The game about halfway complete when the localization process started in earnest, taking two years to complete. By the time localization started the original director Matsuno was already out of the picture and thus has no influence on the localization.[16] Smith was tasked with writing the script around the lip movements animated for the Japanese version, but the game would still have the same audio file length restriction that had been a problem with Final Fantasy X, where the audio files must be the same length in both Japanese and English. However, the English voice work is smoother in Final Fantasy XII because Smith was prepared for this being an issue, and had the Japanese developers add couple seconds of blank sound to every scene to allow for some wiggle room.[17]

The voice script was slightly smaller than the one in Final Fantasy X, but the non-voiced was large.[16] Writing the voiced script took 9 months and was still only 10% of the total text; translating the rest of the game took 5 months. Because the game was still in active development, new text kept arriving during the work, but because the English version had as much time to be translated as the Japanese script had time to be written, the localized version could be polished.[17]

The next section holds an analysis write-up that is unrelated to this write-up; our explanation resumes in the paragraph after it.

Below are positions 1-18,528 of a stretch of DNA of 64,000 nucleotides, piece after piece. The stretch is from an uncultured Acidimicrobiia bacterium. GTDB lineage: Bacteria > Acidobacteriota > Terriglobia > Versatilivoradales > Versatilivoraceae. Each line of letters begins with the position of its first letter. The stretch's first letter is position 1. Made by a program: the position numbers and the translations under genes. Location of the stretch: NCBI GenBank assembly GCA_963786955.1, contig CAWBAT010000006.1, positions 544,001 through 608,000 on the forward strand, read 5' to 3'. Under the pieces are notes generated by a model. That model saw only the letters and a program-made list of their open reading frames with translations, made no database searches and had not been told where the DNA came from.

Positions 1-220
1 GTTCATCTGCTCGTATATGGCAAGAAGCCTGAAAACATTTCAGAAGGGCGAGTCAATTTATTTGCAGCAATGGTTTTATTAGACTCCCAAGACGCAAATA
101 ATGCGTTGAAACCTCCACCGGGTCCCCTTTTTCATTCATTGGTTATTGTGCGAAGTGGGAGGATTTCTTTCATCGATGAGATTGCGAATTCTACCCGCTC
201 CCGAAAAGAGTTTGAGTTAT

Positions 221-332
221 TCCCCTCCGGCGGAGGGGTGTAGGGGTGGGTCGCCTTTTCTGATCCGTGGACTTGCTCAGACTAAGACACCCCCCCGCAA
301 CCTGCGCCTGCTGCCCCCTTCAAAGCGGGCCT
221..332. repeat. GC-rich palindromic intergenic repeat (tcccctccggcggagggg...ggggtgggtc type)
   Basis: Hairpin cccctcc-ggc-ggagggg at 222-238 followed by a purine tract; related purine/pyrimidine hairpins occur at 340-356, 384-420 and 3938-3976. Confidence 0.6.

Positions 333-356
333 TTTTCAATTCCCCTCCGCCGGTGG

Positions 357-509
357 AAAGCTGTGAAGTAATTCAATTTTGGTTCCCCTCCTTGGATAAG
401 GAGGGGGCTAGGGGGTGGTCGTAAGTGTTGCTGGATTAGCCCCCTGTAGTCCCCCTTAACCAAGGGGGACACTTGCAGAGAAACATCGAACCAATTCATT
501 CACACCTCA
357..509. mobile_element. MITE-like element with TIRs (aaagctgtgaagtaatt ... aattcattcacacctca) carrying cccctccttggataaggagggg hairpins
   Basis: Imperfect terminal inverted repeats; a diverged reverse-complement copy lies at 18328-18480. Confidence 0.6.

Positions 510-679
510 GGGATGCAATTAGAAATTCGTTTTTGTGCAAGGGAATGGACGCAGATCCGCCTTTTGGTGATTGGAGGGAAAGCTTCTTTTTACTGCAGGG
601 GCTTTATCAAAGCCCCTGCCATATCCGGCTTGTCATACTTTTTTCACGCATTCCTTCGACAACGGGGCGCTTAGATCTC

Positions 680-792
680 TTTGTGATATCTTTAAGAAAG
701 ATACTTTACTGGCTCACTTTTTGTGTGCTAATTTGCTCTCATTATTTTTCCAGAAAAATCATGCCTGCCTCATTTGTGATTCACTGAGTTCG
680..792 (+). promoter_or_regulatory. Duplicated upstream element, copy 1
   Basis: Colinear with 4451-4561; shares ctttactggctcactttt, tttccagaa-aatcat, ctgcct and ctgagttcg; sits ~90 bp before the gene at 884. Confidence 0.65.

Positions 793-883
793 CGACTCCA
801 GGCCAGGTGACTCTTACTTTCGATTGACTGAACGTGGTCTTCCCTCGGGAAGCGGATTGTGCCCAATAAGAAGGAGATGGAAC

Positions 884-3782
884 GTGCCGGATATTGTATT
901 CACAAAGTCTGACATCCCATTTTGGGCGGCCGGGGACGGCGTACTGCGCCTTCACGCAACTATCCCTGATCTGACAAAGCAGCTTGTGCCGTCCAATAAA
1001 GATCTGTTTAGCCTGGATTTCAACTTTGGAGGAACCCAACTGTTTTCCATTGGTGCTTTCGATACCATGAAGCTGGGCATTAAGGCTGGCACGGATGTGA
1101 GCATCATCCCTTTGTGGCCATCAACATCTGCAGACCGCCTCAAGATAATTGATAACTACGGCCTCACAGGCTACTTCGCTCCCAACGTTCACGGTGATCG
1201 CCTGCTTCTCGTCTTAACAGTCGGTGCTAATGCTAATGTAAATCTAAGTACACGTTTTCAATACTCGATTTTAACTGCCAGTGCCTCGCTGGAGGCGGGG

Dialogue was translated first as it requires more time to get right, and helps set the tone for the world. The movie and scenario dialogue tends to be completed first in the Japanese version due to recording schedules, and similarly needs to be done first in the English for recording. The recording proceeded during the middle of the project, after which the translators returned to finish the rest of the text.[16]

While the medieval tone comes from the original game, the localizers could decide on the specific accents the characters would use and voice models were used to guide the writing: Vaan was Leonardo DiCaprio from the Titanic, Balthier was Aragorn from the Lord of the Rings and Fran was the Icelandic singer Bjork.[17] While everyone in the Japanese version speaks with unaccented, standard Japanese, the translators have explained that it doesn't make sense in the context of a global story to use the same accent of English everywhere.[16]